The reason for the significant change principle is that the Court doesn’t want children to constantly be embroiled in litigation. This is likely contrary to their interests.

Whether a party succeeds in arguing there has been significant change depends on the facts and the nature and degree of the changes, compared to the Court Orders in place.

What will the Court consider?

The court will consider several facts, including:

  1. Past circumstances. What was the context in which the current Court Orders were made? Was there a hearing where parties were cross examined? What evidence was the decision based on? How old are the orders? Were they made by consent?
  2. What impact, if any, will the changes have on the child and both parents?
  3. Will it be detrimental for children if they have to be involved in court proceedings?
  4. What is the precise nature of the dispute between the parties?

What happens if the Court decides to change the Court Orders?

The Court will explain the changes to both parents and issue a new set of written Court Orders, or amended ones. These must be followed by both parents. If you don’t already have a family law lawyer and aren’t clear on what the revised Court Orders mean for you, it’s best to consult a lawyer before you agree to them.

What do I do if I believe my circumstances amount to a significant change to the Court Orders?

If you think your circumstances amount to a significant change since the original Court Orders were issued, contact a family lawyer to discuss your options. The last thing you want is to inadvertently breach an order.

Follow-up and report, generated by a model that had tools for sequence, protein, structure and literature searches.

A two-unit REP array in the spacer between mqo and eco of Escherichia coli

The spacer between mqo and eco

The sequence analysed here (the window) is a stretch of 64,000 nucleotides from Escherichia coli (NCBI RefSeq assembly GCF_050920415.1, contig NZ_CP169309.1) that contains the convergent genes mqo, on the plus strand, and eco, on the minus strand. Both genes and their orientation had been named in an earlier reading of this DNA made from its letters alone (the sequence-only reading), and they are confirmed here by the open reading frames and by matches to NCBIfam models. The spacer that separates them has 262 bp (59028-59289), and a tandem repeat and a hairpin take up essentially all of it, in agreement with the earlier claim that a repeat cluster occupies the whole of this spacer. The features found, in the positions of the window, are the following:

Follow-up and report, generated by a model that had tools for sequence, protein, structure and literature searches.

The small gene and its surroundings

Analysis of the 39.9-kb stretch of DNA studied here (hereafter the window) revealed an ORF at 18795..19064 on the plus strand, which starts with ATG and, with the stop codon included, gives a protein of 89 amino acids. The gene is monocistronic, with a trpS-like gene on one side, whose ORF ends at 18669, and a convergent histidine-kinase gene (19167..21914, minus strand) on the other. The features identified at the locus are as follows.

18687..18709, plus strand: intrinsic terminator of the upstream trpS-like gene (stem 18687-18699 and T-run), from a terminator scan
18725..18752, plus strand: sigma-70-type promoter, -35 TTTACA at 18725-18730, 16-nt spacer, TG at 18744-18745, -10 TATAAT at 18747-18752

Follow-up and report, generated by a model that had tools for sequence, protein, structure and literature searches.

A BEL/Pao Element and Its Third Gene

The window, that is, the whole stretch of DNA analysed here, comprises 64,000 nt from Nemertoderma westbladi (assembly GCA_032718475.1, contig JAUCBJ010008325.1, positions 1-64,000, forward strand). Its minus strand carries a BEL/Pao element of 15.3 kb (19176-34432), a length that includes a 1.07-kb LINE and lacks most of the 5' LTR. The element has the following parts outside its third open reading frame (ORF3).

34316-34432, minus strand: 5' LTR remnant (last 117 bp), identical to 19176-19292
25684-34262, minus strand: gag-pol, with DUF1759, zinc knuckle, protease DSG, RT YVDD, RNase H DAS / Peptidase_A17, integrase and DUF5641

I don’t have a Court Order but do have a Parenting Plan? Do the same rules apply?

A Parenting Plan can be changed. However, it’s important to understand that breaches to such a plan (written or verbal) aren’t enforceable by a Court. This means that if something goes wrong, the Court can’t do as much as they can if there are Court Orders in place. Ideally you should discuss your concerns with a lawyer experienced in family law.

Tip: This column does not apply to changing Court Orders made in relation to financial matters. This is possible, but the circumstances are exceptional.

 

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Watts McCray Lawyers

Watts McCray is a leading firm of family and relationship lawyers. We have the largest number of accredited family law specialists in Australia and are backed by years of experience. Our lawyers have the skills to provide you with sound, practical advice about issues such as relationship changes and separation, property and financial matters, parenting arrangements after separation, child support and divorce. Watts McCray can also provide you with legal help if you want to resolve matters without having to go through Court. We can help with negotiation, mediation, collaboration and arbitration services as well as the traditional Court litigation process. We can also help with your estate planning and wills. Call us on (02) 6257 6347 for more information and for tailored services to meet your specific legal needs. More about the Author